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Privacy advocates are up in arms after India the country’s government began stealthily rolling out a central monitoring system that will allow it to monitor its citizens’ phone calls and internet communications in the name of national security.
The multi-million dollar central monitoring system is believed to have initially have been conceived as a response to the threat of terrorism, such as the attacks which rocked Mumbai in 2008.
Now however, The Times of India reports, the system will be used not only by law enforcement authorities but also by India’s tax service and offers the state a single access point to “lawfully” intercept voice calls and texts, emails, social media and the geographical location of individuals.
Authorities haven’t exactly been keen to make much of a noise about the system, although it’s thought to have begun operation in the last month.
The system is backed up by the Information Technology Act 2000 and its amendments, which allow the state to “intercept, monitor or decrypt” any info “generated, transmitted, received or stored in any computer resource” if public security is at risk.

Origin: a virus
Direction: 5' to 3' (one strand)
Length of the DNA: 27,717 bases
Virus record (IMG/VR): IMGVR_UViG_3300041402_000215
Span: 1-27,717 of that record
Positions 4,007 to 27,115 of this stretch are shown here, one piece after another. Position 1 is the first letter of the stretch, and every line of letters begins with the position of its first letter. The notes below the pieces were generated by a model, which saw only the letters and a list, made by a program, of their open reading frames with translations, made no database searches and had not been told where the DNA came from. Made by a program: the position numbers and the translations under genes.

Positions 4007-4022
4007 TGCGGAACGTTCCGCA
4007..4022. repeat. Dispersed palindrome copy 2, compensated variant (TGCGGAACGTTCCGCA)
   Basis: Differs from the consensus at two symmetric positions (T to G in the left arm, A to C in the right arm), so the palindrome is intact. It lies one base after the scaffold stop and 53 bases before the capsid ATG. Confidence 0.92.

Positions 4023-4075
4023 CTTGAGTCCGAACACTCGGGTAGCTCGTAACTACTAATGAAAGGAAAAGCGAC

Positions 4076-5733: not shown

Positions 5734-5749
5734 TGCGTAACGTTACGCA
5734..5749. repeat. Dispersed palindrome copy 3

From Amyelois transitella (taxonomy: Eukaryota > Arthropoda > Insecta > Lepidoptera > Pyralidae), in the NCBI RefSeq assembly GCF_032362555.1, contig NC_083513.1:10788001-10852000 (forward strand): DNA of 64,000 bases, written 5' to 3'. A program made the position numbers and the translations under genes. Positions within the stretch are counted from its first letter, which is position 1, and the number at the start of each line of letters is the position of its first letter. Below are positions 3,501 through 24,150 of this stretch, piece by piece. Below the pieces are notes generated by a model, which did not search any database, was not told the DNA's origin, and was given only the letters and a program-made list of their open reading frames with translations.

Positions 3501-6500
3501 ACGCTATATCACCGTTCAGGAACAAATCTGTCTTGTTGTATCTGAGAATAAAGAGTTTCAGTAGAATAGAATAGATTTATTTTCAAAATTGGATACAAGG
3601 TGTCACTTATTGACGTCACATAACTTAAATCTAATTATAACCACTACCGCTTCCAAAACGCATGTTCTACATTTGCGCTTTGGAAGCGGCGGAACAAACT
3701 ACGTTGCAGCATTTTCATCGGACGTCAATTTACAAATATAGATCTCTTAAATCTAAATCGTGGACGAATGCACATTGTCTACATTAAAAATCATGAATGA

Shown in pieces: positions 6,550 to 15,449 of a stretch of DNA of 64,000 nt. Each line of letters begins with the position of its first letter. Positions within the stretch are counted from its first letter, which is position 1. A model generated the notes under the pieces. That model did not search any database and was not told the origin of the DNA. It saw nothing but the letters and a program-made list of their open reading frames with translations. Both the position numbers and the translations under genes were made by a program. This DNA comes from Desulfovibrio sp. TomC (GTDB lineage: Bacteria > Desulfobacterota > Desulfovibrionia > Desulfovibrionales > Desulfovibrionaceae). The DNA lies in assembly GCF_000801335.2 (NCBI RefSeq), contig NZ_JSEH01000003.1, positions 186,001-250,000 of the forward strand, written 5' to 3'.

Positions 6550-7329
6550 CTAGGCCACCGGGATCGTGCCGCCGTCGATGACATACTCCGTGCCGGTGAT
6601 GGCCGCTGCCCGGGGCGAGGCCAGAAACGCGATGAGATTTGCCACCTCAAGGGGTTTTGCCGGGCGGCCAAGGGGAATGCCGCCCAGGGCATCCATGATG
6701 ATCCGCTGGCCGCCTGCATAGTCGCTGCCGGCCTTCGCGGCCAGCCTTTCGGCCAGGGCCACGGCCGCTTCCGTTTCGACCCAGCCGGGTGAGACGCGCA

Those opposing the monitoring say that India’s privacy laws are not stringent enough to prevent people from abusing the system.
The “StopICMS” campaign for instance argued the following on its blog:
[Government of India] GoI mainly asks Google to remove defamatory content. Why is that? Security for themselves, in the name of safety of citizens? Content removal requests have increased by 90 per cent from the GoI. 33 per cent of the requests from the GoI are about either hate speech, defamation or government criticism. Therefore, we can conclude that after implementation of ICMS GoI will primarily use it against “hate speeches” and government criticism.
Its argument is valid and India has been trying to censor social media for some time now. That said, the central monitoring system will not empower the state to monitor private conversations on overseas social networks such as Facebook or Twitter.